Editorial Comment

Confidence in our local currency crucial

FINANCE minister Mthuli Ncube last week said the government had managed to tame the parallel market and in turn stabilise prices of goods with more measures lined up to cushion the lives of ordinary citizens.

This comes after experts warned that the intensifying power cuts would soon result in sharp spikes in the prices of basic goods, as both producers and retailers turn to overpriced alternative sources of power.

There was a growing sense of panic in the market that the gains from the stability seen in the economy over the past 12 months would all come to nought.

All these fears were certainly not unfounded as the parallel market edged $200: US$ with unscrupulous businesses cashing in on arbitrage opportunities.  

Some businesses were even unjustifiably increasing prices in US$.  

As if this wasn’t enough, global inflation pressures on foodstuffs and gas were also contributing to the price increases.

 But now, with the authorities implementing Statutory Instrument 127 to deal with market indiscipline to make sure that companies and individuals comply with the law in terms of pricing, access and allocation of foreign currency, there is a semblance of relief.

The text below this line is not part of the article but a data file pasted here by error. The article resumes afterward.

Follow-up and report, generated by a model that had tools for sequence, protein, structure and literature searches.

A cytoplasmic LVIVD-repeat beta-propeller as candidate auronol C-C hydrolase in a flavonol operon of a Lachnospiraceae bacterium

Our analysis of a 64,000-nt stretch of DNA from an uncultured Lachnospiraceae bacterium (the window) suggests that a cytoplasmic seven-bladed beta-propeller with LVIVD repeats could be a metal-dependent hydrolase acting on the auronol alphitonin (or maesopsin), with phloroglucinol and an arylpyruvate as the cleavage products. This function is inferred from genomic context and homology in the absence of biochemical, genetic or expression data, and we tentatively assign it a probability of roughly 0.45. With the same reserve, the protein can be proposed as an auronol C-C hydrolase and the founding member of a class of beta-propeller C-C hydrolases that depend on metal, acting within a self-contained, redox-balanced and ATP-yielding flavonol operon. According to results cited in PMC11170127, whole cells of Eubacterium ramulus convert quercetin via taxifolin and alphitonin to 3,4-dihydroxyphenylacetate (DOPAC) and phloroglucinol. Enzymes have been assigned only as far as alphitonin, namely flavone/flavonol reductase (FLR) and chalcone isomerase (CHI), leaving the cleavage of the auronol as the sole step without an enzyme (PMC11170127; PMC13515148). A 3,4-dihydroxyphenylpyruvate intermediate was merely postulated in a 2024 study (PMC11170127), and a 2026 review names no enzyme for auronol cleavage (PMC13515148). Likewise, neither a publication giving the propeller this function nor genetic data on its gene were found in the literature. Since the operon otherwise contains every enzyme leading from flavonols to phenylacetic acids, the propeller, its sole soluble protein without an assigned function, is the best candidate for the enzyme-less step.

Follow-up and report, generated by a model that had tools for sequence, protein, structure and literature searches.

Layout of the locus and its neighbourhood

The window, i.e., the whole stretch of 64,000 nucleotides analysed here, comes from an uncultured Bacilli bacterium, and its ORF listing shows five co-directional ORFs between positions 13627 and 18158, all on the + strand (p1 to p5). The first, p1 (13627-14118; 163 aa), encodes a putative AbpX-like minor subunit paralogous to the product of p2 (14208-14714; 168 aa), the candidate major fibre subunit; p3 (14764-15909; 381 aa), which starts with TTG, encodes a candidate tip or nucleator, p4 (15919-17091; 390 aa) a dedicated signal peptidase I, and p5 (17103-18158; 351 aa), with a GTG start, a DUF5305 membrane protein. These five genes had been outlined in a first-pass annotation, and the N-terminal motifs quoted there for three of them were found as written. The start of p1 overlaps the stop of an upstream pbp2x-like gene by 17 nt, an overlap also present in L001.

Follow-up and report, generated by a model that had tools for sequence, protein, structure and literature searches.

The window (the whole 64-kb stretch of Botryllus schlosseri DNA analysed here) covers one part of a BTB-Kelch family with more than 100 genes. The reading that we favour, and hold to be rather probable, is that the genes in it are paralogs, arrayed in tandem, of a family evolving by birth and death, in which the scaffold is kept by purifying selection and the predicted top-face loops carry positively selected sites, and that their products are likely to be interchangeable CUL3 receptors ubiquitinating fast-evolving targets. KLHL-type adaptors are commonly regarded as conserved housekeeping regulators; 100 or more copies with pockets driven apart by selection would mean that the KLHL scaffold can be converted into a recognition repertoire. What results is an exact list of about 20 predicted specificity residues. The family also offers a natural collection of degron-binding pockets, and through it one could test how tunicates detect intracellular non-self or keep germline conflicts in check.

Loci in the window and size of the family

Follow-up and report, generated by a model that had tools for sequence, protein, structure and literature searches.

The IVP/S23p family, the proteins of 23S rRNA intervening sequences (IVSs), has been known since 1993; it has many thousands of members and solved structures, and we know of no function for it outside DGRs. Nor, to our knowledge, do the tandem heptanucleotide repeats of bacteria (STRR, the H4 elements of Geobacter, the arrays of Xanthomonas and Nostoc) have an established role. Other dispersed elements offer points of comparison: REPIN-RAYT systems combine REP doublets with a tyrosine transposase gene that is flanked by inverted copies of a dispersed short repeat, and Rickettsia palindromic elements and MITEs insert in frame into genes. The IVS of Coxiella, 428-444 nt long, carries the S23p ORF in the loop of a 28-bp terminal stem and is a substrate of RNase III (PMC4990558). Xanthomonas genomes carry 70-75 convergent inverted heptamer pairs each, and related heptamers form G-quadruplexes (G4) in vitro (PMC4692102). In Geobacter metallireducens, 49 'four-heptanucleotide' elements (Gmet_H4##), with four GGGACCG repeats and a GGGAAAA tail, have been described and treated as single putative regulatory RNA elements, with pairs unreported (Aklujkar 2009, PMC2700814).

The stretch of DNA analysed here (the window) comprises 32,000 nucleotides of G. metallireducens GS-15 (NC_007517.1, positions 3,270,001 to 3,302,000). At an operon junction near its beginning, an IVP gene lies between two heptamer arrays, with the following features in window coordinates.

As we approach the festive season, authorities ought to intensify measures aimed at building confidence in the local currency outlined by central bank governor John Mangudya in his monetary policy statement earlier this year.

There is a need for the gap between the official and parallel market rates to be addressed.

We were encouraged by the indications that the Reserve Bank of Zimbabwe is busy with the matter as the official exchange rate is now more reflective of the market dynamics.

It is also crucial that the central bank’s monetary targeting framework be religiously adhered to. We cannot afford to upset the balance in monetary supply. On that note, all government spending should be kept in check.    

The recent announcement that civil servants would receive their 13th cheque in US dollars raises concerns about whether this would not put pressure on the Treasury, but then again, a delicate balance has to be struck to cushion the long-suffering workers who have committed their lives to service.  

After all, the resultant increase in consumer spending will bring some cheer to the retailers and manufacturers in a quarter that would have been otherwise subdued.